“IS THE BIBLE INERRANT? | IS GOD VIOLENT?”
*Is it OK to question?*
-Is the Bible the “Word of God” and free from error? If so, how does one come to that conclusion?
-What role do assumptions and presuppositions have in our belief system?
-How does one reconcile the violent and retributive God of the Old Testament with the life and teachings of Jesus?
Whenever a “new” idea is proposed to a community, the questions one can ask are:
“IS IT POSSIBLE?”
Listen in as Joshua Tongol shares his heart and answers questions on this very subject. It might give you a different perspective on things.
I have checked out the video by Joshua Tongol. It is good to see that he is advocating open discussion and questioning about God and the Bible in small group gatherings. It is certainly a much needed refreshing change from the usual kind of cell group meetings arranged by institutional churches that do not usually encourage much open questioning but rather attempt to reinforce the church’s version of the “gospel”, in my opinion.
Joshua’s message is similar to the blog I posted yesterday about the unfortunate/unintended side effects of the doctrine of inspiration which also addresses the issues of mistaken “bible inerrancy” and “all verses are equal”. As he said, the bible has been used to justify heinous crimes such as genocide, murder, rape, etc, which are the side effects of believing that the bible is inerrant and all the verses apply today.
Studies have shown that the original manuscripts are not inerrant and there are contradictions abound. I agree that the bible can be seen as man’s inspired word about God (instead of God’s word), and there is an ongoing progressive revelation of God – not that God has changed, but man’s perception of God has changed over time. When Jesus said “you have heard it said…, but I tell you…” to the Jews, he was showing them there was a new way to look at what God was really like. So even until today, we all haven’t figured it out completely, and we are still learning about the mystery of God/the mystery of Christ in us the hope of glory. I also agree that we need to read the book through the eyes of Christ.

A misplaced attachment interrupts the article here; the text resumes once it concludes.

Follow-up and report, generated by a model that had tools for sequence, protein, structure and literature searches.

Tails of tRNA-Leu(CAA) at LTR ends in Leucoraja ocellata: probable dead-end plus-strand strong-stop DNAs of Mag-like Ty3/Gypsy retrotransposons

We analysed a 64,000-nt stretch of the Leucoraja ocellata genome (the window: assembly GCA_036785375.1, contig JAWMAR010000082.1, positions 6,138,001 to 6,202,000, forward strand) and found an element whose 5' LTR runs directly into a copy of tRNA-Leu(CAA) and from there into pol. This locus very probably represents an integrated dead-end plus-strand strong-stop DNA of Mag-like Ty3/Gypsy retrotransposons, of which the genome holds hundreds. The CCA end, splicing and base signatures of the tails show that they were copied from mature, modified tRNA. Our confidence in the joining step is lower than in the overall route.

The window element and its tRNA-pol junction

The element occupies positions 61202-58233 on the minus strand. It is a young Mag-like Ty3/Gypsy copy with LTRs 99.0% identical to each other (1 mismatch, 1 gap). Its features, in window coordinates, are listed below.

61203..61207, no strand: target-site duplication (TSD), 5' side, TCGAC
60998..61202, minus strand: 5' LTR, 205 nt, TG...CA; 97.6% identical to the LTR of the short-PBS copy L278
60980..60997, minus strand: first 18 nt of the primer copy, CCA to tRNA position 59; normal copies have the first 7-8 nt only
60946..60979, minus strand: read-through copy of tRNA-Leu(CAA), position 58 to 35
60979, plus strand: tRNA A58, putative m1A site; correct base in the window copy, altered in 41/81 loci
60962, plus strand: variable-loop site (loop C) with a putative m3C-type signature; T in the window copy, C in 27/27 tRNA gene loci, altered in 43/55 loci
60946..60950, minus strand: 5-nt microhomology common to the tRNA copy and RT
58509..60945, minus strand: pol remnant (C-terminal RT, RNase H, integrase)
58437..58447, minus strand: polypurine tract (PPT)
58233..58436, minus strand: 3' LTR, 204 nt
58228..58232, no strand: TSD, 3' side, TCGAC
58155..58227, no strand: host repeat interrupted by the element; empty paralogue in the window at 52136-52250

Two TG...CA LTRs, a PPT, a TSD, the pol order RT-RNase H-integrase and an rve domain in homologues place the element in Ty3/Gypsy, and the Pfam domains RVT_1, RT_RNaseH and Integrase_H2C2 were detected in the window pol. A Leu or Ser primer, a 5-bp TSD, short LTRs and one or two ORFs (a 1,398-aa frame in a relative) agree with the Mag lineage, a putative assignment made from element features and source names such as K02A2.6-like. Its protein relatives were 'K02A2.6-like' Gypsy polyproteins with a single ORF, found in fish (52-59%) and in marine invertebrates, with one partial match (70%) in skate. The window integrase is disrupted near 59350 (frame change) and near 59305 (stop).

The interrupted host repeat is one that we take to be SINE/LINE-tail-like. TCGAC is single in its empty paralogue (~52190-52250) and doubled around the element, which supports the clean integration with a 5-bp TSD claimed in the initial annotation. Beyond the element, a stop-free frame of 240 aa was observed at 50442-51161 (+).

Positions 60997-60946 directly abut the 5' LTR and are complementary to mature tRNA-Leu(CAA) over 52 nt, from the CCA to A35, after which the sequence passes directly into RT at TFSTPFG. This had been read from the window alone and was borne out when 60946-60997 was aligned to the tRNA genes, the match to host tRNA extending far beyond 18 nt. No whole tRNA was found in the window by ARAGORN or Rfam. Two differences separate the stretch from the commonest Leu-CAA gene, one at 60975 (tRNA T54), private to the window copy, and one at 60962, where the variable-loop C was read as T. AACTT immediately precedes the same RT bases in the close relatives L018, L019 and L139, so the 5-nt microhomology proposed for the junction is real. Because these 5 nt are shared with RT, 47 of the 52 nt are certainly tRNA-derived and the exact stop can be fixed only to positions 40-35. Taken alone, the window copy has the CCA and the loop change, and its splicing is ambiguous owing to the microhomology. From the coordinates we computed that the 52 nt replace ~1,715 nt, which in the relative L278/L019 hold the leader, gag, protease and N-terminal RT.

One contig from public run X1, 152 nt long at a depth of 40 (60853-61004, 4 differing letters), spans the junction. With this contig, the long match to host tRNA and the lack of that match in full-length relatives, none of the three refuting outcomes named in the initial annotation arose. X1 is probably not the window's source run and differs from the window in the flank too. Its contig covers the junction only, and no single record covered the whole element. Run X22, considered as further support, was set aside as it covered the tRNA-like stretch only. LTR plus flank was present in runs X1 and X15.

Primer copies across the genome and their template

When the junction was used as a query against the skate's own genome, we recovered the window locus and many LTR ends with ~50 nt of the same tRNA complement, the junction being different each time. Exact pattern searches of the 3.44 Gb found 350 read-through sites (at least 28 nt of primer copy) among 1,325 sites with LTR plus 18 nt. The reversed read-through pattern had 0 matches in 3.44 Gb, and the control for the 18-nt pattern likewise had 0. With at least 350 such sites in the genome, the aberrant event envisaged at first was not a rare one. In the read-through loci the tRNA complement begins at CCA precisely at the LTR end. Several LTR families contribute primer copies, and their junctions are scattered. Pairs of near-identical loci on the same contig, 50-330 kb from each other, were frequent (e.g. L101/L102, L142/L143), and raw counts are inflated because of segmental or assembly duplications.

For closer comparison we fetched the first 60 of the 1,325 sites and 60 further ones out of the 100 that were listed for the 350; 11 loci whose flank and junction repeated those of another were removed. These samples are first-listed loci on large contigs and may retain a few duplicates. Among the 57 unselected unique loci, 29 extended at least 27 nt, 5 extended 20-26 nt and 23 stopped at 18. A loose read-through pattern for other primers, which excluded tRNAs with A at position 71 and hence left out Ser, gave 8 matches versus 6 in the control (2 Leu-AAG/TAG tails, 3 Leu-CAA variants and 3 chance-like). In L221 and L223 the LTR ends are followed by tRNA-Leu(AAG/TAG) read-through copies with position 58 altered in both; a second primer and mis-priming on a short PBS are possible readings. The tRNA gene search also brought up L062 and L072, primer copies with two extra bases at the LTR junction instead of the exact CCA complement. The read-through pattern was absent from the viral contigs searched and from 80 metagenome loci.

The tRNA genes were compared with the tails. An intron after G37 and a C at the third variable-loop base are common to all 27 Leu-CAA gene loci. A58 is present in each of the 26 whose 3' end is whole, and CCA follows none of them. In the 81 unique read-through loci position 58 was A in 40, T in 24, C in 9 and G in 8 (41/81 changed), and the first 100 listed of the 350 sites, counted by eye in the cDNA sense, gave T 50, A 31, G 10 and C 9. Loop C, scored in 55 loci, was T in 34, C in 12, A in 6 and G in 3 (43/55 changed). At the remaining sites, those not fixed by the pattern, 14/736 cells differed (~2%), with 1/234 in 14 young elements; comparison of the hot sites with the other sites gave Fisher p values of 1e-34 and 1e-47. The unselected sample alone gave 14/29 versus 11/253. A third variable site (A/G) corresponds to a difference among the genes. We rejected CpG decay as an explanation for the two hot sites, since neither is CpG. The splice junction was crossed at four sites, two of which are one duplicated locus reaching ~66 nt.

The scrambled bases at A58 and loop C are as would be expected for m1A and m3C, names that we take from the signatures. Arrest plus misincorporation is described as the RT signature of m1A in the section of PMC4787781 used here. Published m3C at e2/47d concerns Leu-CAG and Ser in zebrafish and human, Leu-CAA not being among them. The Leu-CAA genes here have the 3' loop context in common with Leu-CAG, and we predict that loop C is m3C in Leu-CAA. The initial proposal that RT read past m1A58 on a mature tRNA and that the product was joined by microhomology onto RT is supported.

It is interesting to note his sharing regarding how Paul almost reinterpreted the old testament, as shown in Romans 12 and 14. According to him, in Romans 12:19-21, a verse had been removed from the violent context in Deuteronomy and placed in the grace context in Romans, so instead of vengeance, it is about showing mercy to the enemy. So it can be said that there is a redemptive meaning in the verses written by the people in that culture who subscribed to the notion of a violent God. As Joshua also pointed out, Paul used to interpret the old testament in such a way that he thought God was violent, hence he was persecuting christians in the early church days before he met Jesus. Since then, he had been telling people God is not like that, as God is God of mercy.
So, overall I find it a thought-provoking message, which may be particularly useful for those who are open to questioning the fear-based doctrines in evangelical christian circles.